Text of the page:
The best teeth that Christina Warinner sees in her office are the ones with chunks of plaque as big as lima beans fixed to their enamel. Warinner is not a dentist, although she uses some of the same tools. She is an anthropologist at the University of Oklahoma, and she performs centuries-delayed dental cleanings on the likes of Vikings and Stone Age farmers to scrape up details about how humans once lived.
Fresh, sticky plaque picks up everything in the mouth, and when it hardens, it can entomb bits of plants, pollen, bacteria, starch, meat, charcoal, textile fibers, and more. As scientists have recently learned, fossilized plaque is the richest source of DNA in the archaeological record. “One of the biggest challenges with ancient DNA is not having enough material to work with,” Warinner says. Plaque eliminates that problem: it carries between 100 and 1,000 times more nucleic acids per milligram than any other known source.
A top priority in Warinner's laboratory is to compile a DNA inventory built from the plaque found on corpses in museum collections and archaeological sites from around the world. The hunt now commences for increasingly ancient and diverse patients to find out how human health and eating habits have changed throughout history.
Three Plaque Projects
Without regular brushing and flossing, plaque fossilizes on teeth and serves as a time capsule for otherwise ephemeral bits of a person's diet. Long after a milk carton finds its way into the trash bin, for example, an extremely long-lasting and abundant milk protein called beta-lactoglobulin may remain on the drinker's teeth. Warinner's lab looks for this protein in plaque on ancient bodies to understand why many groups of humans can consume fresh milk without getting sick, even though all other mammals lack the ability to digest it after infancy. A tolerance for dairy shows up in several different cultures, but scientists debate when it first evolved in our species. Plaque analysis can reveal exactly who was drinking milk at an archaeological site and from which animal—be it a cow, or a sheep, or a camel—the liquid originated. This approach eliminates some of the ambiguity of other archaeological methods, such as searching for milk fats on ancient pottery. Last year Warinner's team found the first direct evidence for milk drinking by sequencing beta-lactoglobulin proteins in plaque dating as far back as the Bronze Age in parts of Europe and southwestern Asia. Now the researchers are examining plaque samples from the Neolithic period, when humans first domesticated animals.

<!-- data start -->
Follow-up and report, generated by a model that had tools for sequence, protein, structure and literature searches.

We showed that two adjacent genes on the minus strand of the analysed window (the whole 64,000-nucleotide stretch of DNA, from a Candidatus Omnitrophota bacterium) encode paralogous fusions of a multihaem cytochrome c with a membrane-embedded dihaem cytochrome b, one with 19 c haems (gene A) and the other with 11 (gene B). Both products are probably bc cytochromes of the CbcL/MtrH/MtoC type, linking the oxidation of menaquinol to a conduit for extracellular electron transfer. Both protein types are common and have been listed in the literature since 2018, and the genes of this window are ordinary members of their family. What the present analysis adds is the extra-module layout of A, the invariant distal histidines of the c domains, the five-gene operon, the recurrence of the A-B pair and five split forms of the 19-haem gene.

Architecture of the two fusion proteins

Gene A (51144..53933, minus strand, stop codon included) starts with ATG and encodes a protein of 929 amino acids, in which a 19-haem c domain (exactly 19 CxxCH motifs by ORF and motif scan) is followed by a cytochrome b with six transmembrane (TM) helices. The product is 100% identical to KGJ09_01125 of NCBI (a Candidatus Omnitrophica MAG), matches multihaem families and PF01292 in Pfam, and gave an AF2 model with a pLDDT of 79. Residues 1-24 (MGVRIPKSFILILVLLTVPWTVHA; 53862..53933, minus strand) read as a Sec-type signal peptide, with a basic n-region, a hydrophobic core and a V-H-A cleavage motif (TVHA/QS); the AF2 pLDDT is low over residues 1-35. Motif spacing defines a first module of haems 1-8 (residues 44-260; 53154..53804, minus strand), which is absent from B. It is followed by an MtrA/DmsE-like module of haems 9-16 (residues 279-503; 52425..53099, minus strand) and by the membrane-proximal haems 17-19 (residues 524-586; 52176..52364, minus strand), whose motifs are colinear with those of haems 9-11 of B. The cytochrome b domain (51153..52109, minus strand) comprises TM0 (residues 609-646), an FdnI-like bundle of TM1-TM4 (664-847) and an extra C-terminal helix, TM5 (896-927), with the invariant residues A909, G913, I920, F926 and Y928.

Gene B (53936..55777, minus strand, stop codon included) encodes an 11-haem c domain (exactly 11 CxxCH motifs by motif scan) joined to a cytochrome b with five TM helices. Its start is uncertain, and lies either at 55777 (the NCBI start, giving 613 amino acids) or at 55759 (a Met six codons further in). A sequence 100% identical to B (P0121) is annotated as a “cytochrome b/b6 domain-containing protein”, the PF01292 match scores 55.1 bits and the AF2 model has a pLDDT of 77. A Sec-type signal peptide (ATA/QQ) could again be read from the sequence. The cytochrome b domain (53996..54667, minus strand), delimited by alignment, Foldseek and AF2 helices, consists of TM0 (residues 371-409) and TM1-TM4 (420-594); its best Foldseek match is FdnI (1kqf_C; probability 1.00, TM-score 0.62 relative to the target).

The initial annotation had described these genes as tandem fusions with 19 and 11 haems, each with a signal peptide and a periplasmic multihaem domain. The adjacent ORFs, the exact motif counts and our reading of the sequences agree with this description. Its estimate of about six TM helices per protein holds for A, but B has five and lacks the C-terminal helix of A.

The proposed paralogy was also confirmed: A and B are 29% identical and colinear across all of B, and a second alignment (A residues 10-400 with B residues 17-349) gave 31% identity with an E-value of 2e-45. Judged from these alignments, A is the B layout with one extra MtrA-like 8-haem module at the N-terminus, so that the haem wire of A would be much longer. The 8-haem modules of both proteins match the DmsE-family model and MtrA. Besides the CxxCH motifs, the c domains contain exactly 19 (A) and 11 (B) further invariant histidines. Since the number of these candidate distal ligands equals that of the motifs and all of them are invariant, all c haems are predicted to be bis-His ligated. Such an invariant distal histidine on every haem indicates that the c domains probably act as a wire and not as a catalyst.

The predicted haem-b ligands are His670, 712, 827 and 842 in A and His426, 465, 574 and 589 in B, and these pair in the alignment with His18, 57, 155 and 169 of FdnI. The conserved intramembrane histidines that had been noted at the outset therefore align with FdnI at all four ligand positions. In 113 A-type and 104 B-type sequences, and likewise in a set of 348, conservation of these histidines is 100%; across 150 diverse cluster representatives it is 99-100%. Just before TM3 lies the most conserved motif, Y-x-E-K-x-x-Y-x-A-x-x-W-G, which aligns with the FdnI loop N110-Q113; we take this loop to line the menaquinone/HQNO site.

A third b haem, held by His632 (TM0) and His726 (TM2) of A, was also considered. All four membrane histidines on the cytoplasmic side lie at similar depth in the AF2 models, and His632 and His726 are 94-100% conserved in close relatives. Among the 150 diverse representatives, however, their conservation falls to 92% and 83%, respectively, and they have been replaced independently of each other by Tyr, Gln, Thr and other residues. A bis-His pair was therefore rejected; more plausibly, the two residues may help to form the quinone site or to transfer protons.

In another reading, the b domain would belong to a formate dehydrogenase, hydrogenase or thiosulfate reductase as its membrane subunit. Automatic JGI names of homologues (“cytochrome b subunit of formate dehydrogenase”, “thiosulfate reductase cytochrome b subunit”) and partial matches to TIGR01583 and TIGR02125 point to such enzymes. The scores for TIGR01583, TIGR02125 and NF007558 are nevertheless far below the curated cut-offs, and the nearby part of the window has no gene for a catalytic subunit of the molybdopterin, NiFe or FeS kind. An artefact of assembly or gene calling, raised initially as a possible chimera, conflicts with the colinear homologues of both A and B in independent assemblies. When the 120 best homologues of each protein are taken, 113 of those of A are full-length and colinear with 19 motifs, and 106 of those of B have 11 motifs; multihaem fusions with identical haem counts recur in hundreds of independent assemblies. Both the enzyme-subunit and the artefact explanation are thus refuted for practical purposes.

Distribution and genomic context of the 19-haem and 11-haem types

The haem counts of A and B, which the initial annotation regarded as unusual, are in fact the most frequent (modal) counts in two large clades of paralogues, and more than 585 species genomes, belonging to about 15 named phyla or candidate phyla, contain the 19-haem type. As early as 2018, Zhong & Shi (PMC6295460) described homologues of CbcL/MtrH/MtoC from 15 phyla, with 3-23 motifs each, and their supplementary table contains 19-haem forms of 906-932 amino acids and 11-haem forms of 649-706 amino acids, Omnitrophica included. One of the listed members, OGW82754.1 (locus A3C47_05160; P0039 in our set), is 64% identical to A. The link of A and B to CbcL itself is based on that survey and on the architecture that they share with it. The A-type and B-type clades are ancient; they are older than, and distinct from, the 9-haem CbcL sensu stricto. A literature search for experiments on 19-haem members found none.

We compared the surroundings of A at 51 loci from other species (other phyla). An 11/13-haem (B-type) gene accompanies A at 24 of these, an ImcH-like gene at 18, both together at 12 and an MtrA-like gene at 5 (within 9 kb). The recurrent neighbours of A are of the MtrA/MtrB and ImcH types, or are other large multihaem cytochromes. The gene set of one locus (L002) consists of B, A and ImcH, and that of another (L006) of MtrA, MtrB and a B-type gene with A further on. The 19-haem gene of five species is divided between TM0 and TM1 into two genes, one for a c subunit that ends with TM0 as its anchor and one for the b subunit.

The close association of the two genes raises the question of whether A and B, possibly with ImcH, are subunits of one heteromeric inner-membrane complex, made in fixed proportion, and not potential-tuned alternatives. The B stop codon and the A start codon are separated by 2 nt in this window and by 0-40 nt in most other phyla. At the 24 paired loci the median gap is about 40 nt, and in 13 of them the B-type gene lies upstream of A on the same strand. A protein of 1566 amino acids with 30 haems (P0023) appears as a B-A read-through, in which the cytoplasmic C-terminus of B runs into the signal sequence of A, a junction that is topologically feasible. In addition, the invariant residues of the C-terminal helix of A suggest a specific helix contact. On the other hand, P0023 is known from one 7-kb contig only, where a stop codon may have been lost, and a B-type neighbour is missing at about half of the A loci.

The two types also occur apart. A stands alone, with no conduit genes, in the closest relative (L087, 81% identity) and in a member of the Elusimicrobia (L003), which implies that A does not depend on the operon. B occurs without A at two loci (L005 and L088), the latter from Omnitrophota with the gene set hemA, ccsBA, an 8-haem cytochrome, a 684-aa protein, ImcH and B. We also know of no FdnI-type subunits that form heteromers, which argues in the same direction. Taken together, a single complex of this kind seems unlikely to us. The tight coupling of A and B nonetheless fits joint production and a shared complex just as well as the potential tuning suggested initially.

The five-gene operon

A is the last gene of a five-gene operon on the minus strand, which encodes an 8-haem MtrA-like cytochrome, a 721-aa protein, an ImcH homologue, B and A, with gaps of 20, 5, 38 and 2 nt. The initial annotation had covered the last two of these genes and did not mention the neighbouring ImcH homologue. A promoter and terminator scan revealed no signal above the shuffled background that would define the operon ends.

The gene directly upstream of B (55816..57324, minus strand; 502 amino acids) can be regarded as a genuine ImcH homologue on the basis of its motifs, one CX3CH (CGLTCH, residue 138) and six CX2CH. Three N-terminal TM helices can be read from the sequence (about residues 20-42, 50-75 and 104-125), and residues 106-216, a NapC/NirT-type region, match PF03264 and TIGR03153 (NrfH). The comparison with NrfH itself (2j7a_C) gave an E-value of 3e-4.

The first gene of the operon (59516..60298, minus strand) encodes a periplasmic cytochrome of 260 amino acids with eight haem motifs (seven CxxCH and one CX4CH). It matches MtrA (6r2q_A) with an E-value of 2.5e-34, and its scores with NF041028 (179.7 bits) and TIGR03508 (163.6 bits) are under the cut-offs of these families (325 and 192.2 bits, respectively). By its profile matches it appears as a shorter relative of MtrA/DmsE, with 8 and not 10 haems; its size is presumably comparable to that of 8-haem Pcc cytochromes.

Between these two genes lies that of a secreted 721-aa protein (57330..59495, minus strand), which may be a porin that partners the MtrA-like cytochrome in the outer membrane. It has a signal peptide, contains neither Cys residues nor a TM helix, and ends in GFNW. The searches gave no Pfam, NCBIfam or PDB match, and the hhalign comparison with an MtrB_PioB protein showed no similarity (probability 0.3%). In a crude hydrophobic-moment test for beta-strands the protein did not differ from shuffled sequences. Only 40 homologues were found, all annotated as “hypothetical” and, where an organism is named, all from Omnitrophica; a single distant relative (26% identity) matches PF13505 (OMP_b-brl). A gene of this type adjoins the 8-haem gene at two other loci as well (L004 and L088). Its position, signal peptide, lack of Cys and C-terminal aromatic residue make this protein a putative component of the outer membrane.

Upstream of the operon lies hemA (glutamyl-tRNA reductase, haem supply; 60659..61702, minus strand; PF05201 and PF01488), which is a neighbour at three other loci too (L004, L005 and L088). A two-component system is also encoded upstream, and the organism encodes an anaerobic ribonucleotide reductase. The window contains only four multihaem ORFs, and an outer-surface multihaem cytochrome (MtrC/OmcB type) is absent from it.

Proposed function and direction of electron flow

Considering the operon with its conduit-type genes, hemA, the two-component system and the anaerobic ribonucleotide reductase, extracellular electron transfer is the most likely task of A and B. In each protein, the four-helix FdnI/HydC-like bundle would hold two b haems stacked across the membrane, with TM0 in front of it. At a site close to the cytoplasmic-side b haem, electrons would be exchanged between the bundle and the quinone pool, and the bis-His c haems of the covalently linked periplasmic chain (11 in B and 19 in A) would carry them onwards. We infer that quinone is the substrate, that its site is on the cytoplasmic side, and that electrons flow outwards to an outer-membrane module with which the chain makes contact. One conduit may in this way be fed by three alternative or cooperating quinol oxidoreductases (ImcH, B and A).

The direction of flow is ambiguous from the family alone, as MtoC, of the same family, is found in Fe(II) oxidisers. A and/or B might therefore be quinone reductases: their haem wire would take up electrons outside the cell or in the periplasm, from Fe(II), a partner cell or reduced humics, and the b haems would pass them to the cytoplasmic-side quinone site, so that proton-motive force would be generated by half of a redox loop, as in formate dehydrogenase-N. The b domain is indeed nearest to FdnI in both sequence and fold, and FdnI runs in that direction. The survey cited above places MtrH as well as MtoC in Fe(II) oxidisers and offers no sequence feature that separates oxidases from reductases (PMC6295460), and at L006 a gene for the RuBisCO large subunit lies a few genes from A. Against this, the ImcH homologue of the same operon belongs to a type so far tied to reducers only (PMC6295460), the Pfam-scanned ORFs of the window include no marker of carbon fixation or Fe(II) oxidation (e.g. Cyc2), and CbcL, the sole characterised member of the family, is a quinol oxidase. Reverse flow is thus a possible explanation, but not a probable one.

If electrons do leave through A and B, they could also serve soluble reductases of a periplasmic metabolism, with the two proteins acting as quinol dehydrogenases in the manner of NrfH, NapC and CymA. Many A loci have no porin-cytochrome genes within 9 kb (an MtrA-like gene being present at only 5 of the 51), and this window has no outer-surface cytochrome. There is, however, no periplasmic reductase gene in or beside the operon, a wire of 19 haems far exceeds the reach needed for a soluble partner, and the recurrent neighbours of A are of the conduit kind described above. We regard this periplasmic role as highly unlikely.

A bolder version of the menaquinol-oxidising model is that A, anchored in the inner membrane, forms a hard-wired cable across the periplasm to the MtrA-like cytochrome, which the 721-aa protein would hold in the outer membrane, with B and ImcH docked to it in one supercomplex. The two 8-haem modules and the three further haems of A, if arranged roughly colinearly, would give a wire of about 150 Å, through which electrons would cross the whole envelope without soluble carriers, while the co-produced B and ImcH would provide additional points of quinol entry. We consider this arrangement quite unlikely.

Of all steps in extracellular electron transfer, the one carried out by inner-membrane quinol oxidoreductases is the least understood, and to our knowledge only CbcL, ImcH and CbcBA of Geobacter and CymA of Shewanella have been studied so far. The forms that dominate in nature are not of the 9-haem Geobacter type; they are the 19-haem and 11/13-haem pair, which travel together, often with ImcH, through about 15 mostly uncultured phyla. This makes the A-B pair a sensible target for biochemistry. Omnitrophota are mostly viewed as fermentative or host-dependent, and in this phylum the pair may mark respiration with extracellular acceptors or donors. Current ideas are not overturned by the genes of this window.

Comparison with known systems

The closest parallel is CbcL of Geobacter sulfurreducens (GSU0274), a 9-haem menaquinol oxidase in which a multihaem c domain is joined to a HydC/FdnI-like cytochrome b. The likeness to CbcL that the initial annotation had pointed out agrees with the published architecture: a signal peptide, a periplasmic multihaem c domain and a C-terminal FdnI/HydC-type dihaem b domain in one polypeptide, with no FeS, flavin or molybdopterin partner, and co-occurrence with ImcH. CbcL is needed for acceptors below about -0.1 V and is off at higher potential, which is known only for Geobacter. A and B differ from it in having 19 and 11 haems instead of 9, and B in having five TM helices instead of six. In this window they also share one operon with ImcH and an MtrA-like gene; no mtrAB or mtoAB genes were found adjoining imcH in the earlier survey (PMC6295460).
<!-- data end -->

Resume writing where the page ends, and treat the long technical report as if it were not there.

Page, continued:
Regardless of one's commitment to dental hygiene, every person harbors hundreds of species of bacteria on the surface of his or her teeth. Last year Warinner and her colleagues found that skeletons from a medieval cemetery in Germany had remarkably modern oral microbiomes despite changes in hygiene and diet over the past 1,000 years. The medieval plaque had bacteria associated with periodontitis, a common gum disease that causes teeth to fall out and occurs in nearly 50 percent of American adults today. To better understand when humans became susceptible to such dental diseases—and how they might be linked to factors such as diet, environment and culture—Warinner's lab is now scraping plaque from chompers dating all the way to the Stone Age and from humanity's closest living relatives, chimpanzees.
Filling the Holes
Bones buried in frozen ground can yield extremely well preserved genetic material. The oldest full genome sequenced so far (700,000 years old) came from a horse leg bone uncovered in permafrost in northwestern Canada. The oldest human genome (45,000 years old) to be sequenced was extracted from a femur found in Siberia. But not all biological samples are found in natural freezers. Densely mineralized plaque may be an ideal source for intact DNA both in and out of frozen areas because it is hardier than porous bones. To date, Warinner's team has reliably extracted DNA and proteins from plaque samples up to 10,000 years old. Now the scientists are working to collect genetic material from even further back in time. The oldest example of preserved plaque that Warinner knows of is more than eight million years old and was taken from a fossil of an orangutan ancestor.